Good shoes, a few bucks in your pocket, empty bellies and open hearts - it's all you really need here.

On our very last day we decided, since we only had carry on bags, that we would take the Metro to Laguardia. We got off in Queens at 74th/Roosevelt Avenue to transfer onto to a bus and, since we had lots of time, went for a walk.

Why, oh why have we not done this before? Taco trucks every half a block, more Mexican restaurants than you can shake a stick at and looked like the New York I fell in love with at the movies. Our next trip will be a borough crawl and we plan to skip Manhattan, for the most part, and start explore the rest of the city, starting with Queens.
amazing tacos at Taqueria Coatzingo in Jackson Heights
I'm nothing if not colourful

Sometimes, travelling
as a blogger is exhausting, both for the blogger and the bloggers travelling companions.

You feel like you are required to eat in the hottest restaurants, take a bazillion photos of your food, write everything you eat down in your notebook, waste hours on your phone researching where you should be eating next instead of just wandering around, having a bite here and there, taking lots of pictures and just being somewhere with someone. This trip was just about being in NYC with my guy. This is something I will strive for in 2016.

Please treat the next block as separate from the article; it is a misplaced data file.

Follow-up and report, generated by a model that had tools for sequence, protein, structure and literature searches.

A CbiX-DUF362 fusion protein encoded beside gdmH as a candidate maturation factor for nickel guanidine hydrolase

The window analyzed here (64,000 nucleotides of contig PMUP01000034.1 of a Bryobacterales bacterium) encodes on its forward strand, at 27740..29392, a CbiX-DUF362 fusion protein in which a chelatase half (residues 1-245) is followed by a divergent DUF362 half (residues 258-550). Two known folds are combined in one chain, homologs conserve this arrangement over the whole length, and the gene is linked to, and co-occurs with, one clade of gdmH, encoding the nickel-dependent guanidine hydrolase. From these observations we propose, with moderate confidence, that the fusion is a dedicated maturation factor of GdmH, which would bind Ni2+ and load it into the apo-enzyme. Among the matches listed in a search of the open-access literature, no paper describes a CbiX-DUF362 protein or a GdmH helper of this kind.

Happy New Year.

Oh, if you want to look at the rest of my photos, click here 

Squash Havarti Turnovers and A Great Arla Dofino Giveaway for New Year's Eve

Just in time for NYE, I am sharing not only a recipe for a great appetizer with you that will wow your friends and solidify your reputation as an amazing host, but a chance to win $25 worth of Arla Dofino Harvarti, a bamboo cheeseboard and cute, ceramic dry erase cheese markers.

I make no secret of my love for frozen puff pastry, especially during the holidays so if you don't have any in your freezer, you need to do something about that STAT.  Come on, quick like a bunny - you still have a couple of days to get ready for New Years.

For this particular turnover, I chose to use the creamy harvarti because this appetizer required maximum melty creaminess and a mild flavour that would complement the savoury filling. For my cheese board, I went with the inferno (havarti packed with chipotle and habanero chili), smoked harvarti and roasted garlic. I would say that it was a close call but the inferno was the favourite at both of my Christmas parties with the smoked havarti running a very close second.